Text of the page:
It is so odd how we evangelical Christians are considered to be the divisive people. We hold to the system of Biblical truth found in the Apostles’ Creed, and the Athanasian creed of the early church, the 39 Articles of the Church of England, and the 1823 Confession of Faith of the Welsh Calvinistic Methodists. We will co-operate with anyone who believes those truths. We were in the annual Assembly of the Associating Evangelical Churches in Wales yesterday and some of those congregations have the Westminster Confession of Faith as their basis, and others have the 1689 London Baptist Confession, and others the Congregationalist Savoy Confession as their basis, and others the 1823 Confession. Yet we are brothers and work together, and pray for one another, and support a theological seminary in south Wales where men are trained for the ministry. We are not dividing the church. We did not spend time yesterday in controversies and quarrels about words because we had so much in common. We have a healthy interest in truth and unity, and words of peace. Thus it was with Luther, and with Whitefield, and with Spurgeon, and with Machen, and with Lloyd-Jones. They were reformers, and they would not co-operate with those who taught error. For this they were called schismatics, but their great concern was the unity of the body of Christ not its division.

4. The Result of this False Teaching is Disaster.

It results, Paul tells Timothy, in “envy, strife, malicious talk, evil suspicions and constant friction between men of corrupt mind, who have been robbed of the truth” (vv. 4 & 5). If you dabble with false teaching you are seeing your future here. Look at every major denomination where modernism dominates its hierarchy and its training of ministers and what do you see? Rival magazines and papers, rival conferences, disputes in their annual assemblies, political lobbying, deals being done over the language of their join statements to accommodate everyone with studiously vague language. You have the feminist lobby and the animal rights lobby and the homosexual lobby and the liberation theology and the pacifist lobby. They are all pulling the denomination this way or that. There is no purity and no peace. That is the Church of England today, with its Third World Bishops fighting against its American and Scottish bishops. In other words, as a result of false teaching you have exactly what the apostle says here, “envy, strife, malicious talk, evil suspicions and constant friction between men of corrupt mind, who have been robbed of the truth” (vv. 3 & 4). It is an extraordinary prediction of what we are seeing in this new century in the professing church all around us.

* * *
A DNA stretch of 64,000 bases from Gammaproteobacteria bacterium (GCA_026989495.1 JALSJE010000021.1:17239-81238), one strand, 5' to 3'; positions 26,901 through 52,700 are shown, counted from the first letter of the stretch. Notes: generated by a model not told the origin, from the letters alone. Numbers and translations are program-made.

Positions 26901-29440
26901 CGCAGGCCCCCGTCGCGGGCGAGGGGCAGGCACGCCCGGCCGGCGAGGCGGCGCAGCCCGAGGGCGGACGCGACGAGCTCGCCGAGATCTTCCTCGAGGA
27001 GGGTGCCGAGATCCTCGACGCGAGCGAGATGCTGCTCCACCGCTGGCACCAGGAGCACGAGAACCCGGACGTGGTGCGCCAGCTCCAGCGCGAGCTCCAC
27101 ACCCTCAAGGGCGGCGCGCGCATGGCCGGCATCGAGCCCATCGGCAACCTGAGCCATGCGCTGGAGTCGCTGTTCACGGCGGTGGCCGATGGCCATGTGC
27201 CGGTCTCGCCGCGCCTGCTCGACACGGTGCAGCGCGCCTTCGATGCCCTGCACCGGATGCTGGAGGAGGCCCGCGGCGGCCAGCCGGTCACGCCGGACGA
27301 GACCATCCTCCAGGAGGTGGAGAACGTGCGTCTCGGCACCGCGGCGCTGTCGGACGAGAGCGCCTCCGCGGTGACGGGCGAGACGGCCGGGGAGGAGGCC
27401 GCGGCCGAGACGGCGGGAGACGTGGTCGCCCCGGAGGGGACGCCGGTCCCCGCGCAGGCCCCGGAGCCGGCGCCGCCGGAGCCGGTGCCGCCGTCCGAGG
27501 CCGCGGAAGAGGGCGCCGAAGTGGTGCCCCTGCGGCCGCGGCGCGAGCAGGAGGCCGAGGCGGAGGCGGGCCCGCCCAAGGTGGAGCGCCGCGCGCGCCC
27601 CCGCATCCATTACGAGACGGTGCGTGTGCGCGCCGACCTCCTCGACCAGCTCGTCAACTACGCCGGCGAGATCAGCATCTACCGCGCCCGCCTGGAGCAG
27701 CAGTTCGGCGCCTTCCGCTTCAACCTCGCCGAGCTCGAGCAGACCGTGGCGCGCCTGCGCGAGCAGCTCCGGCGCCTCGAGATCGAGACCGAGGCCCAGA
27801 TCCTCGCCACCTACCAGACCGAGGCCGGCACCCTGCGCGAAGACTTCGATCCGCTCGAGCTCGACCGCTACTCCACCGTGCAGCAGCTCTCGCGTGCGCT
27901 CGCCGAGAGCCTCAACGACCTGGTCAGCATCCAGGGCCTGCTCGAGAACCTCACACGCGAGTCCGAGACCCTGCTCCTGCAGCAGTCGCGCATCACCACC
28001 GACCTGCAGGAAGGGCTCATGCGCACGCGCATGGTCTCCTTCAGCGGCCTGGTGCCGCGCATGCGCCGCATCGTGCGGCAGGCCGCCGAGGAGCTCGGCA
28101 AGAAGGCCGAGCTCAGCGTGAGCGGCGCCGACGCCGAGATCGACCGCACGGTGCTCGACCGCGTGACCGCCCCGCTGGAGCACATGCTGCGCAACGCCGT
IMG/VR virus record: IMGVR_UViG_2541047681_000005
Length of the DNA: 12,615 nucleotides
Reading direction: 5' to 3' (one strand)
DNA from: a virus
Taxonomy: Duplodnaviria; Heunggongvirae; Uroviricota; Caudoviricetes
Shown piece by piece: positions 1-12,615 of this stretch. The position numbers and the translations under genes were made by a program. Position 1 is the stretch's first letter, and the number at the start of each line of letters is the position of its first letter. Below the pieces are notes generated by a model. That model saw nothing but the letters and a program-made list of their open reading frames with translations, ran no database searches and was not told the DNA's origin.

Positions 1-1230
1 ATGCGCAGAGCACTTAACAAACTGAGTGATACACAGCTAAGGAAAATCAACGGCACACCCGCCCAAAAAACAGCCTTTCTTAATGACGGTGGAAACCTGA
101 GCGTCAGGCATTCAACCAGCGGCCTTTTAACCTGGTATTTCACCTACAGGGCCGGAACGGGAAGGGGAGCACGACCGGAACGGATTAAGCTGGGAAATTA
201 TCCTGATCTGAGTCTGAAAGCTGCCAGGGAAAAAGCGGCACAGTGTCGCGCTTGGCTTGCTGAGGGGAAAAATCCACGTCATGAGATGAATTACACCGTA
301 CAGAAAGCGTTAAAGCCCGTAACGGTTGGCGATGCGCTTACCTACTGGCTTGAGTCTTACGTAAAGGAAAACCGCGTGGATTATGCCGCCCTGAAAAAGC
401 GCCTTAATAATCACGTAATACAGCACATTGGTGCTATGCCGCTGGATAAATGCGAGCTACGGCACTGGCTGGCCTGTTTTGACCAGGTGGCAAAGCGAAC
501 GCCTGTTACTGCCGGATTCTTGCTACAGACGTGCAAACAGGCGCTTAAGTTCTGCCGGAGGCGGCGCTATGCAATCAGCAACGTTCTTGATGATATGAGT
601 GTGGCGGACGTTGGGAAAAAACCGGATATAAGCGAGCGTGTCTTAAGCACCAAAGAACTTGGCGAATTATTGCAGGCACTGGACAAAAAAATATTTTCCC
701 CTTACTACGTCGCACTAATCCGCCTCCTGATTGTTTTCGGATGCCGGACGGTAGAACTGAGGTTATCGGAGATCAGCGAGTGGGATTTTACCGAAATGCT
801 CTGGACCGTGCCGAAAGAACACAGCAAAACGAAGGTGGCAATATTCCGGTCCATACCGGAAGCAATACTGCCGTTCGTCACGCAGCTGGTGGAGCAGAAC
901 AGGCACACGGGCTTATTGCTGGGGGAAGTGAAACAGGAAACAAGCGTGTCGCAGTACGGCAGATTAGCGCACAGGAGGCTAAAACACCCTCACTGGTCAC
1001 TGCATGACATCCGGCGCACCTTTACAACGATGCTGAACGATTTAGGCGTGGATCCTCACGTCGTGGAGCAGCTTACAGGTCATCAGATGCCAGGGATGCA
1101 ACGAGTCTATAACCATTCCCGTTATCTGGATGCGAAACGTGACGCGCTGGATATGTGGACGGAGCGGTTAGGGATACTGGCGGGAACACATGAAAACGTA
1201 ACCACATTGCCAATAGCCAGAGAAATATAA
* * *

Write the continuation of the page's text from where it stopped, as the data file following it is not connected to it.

If every opinion is regarded as equally valid, and if religion is now regarded as a private matter which may or may not have anything to do with a person’s character and life then you will get constant friction within the church. It is true at a personal level. A single man recently told an acquaintance of mine, “Yes, I do a lot of things that are wrong, you know, a lot of stuff sexually. I’m really into it. But, you know, I believe it’s all taken care of on Calvary.” Malicious talk! The professing church has sold the nation cheap grace and decisionism for so long that the real thing is no longer recognised, or it is dismissed as legalism.